Product Differentiation – When I say this, I’m not talking about the specs of the device; while that’s important to a specific group of consumers, your average buyer doesn’t know anything about the processor or the phone's capacity. My personal opinion is that for many people, this means simplicity of use, to the extent that it makes their life easier (think Siri); but as the smartphone continues to become a device that simply houses apps (which are roughly identical across all ecosystems), differentiation comes in two ways – the use/look of the operating system, and the ease/connectivity of those applications to other devices.
For the use/look of the OS, Windows has clearly stepped away from the iOS/Android layout; whether or not this will attract users is beyond me. More importantly (in my opinion) is the ease and connectivity of applications, particularly Xbox Live and Office. As devices continue to become different mediums for accessing content (like power point presentations, word documents, gaming, etc.), the key becomes interoperability; my hope would be that Microsoft has seen the writing on the wall for some time now and has a clear strategy for bridging the divide between smartphones, traditional PCs, and ultra books/tablets (I mean beyond the Windows 8 OS; I'm talking Office & XBL).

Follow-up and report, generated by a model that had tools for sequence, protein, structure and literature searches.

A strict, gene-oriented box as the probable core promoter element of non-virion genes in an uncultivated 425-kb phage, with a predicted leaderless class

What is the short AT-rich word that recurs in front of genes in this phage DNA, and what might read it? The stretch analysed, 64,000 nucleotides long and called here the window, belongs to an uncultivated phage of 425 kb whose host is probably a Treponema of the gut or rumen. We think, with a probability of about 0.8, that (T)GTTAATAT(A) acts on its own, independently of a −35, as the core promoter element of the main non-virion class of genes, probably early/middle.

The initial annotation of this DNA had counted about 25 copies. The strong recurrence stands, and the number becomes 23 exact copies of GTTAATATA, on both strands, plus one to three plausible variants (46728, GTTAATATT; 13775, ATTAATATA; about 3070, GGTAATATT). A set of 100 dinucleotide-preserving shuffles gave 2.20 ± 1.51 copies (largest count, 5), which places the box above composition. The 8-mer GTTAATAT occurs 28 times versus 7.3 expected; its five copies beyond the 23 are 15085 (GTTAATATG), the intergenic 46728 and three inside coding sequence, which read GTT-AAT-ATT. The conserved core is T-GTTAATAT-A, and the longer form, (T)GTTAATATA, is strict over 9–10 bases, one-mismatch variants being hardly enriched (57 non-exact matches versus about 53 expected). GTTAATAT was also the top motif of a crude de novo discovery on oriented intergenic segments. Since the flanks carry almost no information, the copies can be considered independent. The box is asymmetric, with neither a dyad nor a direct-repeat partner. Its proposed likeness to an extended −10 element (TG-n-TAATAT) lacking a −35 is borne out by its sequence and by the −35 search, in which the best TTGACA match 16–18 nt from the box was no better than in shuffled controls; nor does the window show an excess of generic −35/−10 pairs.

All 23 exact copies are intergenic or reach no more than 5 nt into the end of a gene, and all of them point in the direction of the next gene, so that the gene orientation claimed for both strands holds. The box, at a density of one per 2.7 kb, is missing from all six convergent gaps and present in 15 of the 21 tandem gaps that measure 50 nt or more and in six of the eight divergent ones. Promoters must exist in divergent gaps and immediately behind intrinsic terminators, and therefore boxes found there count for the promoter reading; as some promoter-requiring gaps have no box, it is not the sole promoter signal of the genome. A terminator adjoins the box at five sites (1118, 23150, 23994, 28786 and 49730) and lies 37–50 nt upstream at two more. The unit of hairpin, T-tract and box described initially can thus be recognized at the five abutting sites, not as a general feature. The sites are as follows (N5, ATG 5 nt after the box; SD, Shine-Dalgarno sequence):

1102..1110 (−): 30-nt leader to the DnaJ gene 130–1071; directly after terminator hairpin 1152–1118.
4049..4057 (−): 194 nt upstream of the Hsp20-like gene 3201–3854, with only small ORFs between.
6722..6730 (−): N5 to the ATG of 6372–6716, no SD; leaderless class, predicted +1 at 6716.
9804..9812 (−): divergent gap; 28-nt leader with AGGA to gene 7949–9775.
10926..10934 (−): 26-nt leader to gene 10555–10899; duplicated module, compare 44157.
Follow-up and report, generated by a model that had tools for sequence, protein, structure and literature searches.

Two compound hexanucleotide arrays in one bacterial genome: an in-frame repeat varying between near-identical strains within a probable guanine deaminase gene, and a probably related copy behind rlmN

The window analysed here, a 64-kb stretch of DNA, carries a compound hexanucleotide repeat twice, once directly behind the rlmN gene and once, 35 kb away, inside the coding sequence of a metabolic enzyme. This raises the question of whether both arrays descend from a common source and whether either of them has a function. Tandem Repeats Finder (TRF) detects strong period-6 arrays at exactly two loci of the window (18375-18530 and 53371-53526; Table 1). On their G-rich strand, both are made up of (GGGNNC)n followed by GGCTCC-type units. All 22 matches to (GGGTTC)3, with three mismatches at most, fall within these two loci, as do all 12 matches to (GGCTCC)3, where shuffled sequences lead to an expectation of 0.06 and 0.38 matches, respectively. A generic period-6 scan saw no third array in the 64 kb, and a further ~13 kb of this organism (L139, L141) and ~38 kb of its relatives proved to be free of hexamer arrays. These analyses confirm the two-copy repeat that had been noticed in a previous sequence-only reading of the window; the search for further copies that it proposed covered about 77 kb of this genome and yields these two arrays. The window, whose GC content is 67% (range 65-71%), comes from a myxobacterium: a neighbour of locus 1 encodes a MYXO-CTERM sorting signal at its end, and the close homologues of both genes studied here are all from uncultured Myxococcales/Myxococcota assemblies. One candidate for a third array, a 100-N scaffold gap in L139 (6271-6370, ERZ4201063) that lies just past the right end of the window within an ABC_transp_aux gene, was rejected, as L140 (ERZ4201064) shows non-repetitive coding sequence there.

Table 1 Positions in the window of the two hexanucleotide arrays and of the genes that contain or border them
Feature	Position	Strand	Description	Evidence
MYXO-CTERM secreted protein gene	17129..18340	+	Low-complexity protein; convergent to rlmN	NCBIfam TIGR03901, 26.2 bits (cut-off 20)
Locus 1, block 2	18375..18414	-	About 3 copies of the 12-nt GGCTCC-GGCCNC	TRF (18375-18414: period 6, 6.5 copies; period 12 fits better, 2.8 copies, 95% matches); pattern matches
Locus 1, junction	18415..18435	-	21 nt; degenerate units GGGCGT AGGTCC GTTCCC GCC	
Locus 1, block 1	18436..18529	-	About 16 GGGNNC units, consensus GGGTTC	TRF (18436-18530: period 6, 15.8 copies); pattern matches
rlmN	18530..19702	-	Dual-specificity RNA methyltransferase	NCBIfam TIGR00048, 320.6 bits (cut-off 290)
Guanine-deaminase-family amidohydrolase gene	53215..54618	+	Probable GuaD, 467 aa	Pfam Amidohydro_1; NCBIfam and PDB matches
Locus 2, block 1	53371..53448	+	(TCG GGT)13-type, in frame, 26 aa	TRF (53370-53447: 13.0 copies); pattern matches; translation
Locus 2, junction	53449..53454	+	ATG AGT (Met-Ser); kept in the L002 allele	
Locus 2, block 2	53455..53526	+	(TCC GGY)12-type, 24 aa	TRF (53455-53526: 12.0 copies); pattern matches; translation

With all that having been said, I know that in the vast majority of instances like these, what I read about and eventually conclude is just a small piece of the equation, or little more than noise; in the case of Microsoft, I never was interested in the company because of what I thought they might potentially do in the mobile arena, and I don’t believe (at least in the near future, which explains why I rarely invest in this industry) that a failure to quickly grab share will impact the company in a material way.